So in your time away from working full time and looking after children you took your kitchen appliances and snuck them out of your house and you played with them in the streets?
I like the idea too that we’re not just transforming everyday objects, we’re transforming everyday spaces into performance spaces.
And going into people’s homes and “certifying” their kitchens. Showing them all the different noises it can make. Freeing their appliances.
One of the objectives of WWKA is the kitchen certification. Someone approaches WWKA and wants their kitchen certified. There’s a preliminary looking over the kitchen to see where the plugs are and all of that. Then WWKA will come in and play the kitchen in a format that they’d like as a host: Business supper, romantic dinner, house party, all-ages play date. And afterwards they receive a certificate.
But what if the kitchen fails?
There is no passing or failing. It’s just your kitchen has been certified for sound.
It usually passes.
It’s a very serious process.
On the WWKA MySpace there’s a list of things that WWKA is: “We’re a rock band, a sound project, a cabaret act, a synchronized rubber glove routine, a BBQ chicken washing machine…” A BBQ chicken washing machine?
That was one of the earlier performances. The whole performance was an assembly line of all the process of washing dishes and drying them. The last element that was washed was a barbequed chicken.
Thankfully last. A confectionary flour Christmas jingle. What’s that mean?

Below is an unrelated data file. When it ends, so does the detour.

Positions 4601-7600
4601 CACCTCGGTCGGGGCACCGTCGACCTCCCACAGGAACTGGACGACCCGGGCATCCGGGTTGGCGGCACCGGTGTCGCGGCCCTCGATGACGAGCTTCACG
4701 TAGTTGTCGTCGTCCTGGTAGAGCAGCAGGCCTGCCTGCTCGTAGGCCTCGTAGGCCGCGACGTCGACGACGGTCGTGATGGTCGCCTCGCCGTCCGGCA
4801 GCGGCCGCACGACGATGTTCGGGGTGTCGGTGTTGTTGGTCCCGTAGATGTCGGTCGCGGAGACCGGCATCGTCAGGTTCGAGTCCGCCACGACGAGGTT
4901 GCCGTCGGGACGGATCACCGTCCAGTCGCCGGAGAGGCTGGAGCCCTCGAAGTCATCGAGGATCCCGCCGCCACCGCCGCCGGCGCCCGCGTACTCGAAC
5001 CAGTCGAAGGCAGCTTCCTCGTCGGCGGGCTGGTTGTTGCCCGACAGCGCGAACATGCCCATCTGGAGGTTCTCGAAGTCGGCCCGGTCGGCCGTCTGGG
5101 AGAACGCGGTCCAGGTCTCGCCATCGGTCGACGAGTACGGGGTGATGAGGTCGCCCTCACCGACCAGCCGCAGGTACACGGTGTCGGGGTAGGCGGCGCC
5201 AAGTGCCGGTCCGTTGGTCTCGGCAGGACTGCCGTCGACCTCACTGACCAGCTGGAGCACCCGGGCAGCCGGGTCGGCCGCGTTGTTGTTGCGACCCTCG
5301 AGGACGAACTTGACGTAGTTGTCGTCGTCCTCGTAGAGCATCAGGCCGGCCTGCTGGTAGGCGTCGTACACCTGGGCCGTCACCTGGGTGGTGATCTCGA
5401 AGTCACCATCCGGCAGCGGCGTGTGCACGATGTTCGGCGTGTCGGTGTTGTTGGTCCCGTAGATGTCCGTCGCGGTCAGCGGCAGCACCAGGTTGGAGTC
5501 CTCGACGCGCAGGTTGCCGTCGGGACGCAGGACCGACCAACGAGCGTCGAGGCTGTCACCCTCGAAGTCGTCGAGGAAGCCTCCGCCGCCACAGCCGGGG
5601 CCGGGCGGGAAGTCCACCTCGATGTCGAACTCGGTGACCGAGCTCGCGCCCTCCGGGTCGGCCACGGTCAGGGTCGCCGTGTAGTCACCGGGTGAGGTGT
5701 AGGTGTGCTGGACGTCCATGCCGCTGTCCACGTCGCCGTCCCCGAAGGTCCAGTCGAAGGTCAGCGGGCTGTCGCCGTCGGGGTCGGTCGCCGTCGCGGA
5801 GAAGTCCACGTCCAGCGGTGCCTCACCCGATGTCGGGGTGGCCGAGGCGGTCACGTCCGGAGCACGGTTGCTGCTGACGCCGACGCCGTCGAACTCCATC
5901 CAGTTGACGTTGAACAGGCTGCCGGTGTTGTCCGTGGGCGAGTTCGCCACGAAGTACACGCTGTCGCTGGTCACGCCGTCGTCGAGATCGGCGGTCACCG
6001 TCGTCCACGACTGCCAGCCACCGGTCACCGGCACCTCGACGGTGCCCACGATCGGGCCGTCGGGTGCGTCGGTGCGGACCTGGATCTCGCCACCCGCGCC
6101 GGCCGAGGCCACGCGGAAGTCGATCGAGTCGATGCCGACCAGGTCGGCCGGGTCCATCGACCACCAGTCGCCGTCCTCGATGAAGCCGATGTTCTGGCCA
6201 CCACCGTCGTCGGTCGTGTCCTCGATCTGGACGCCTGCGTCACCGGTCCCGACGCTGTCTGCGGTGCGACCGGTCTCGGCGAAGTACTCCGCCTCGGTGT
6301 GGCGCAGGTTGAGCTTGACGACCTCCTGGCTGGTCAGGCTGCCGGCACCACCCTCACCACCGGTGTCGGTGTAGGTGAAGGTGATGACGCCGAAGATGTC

We did that too. We used confectionary sugar and a sifter and it was during a holiday show so we performed Jingle Bells.
And for this performance at the Eastern Edge, will there any particular theme, or idea, or goal… or certification?
It’s a surprise.
It’s a cop out.
It’s not a cop out. You must come.
Anything else I should ask?
No… but I think It’s kind of exciting that more things like this are happening here now and you don’t have to be in Montreal to see WWKA—or be in WWKA.
Well and hopefully there will be exchanges and links and networking and at some point a large convergence.
A new convention.
The kitchen convention! Yes! We have kitchen parties here all the time. [Laugh]
This will be just a different take on the kitchen party.
WWKA will perform at the Eastern Edge Gallery on Thursday, August 14 as part of the 5 Hour Performance Art Marathon, which takes place from 12-5pm.
Check our events listings here in The Scope, or visit tinyurl.com/easternedge for more info on the 24 HAM.
The Montreal edition of the group can be found online at www.myspace.com/womenwithkitchenappliances .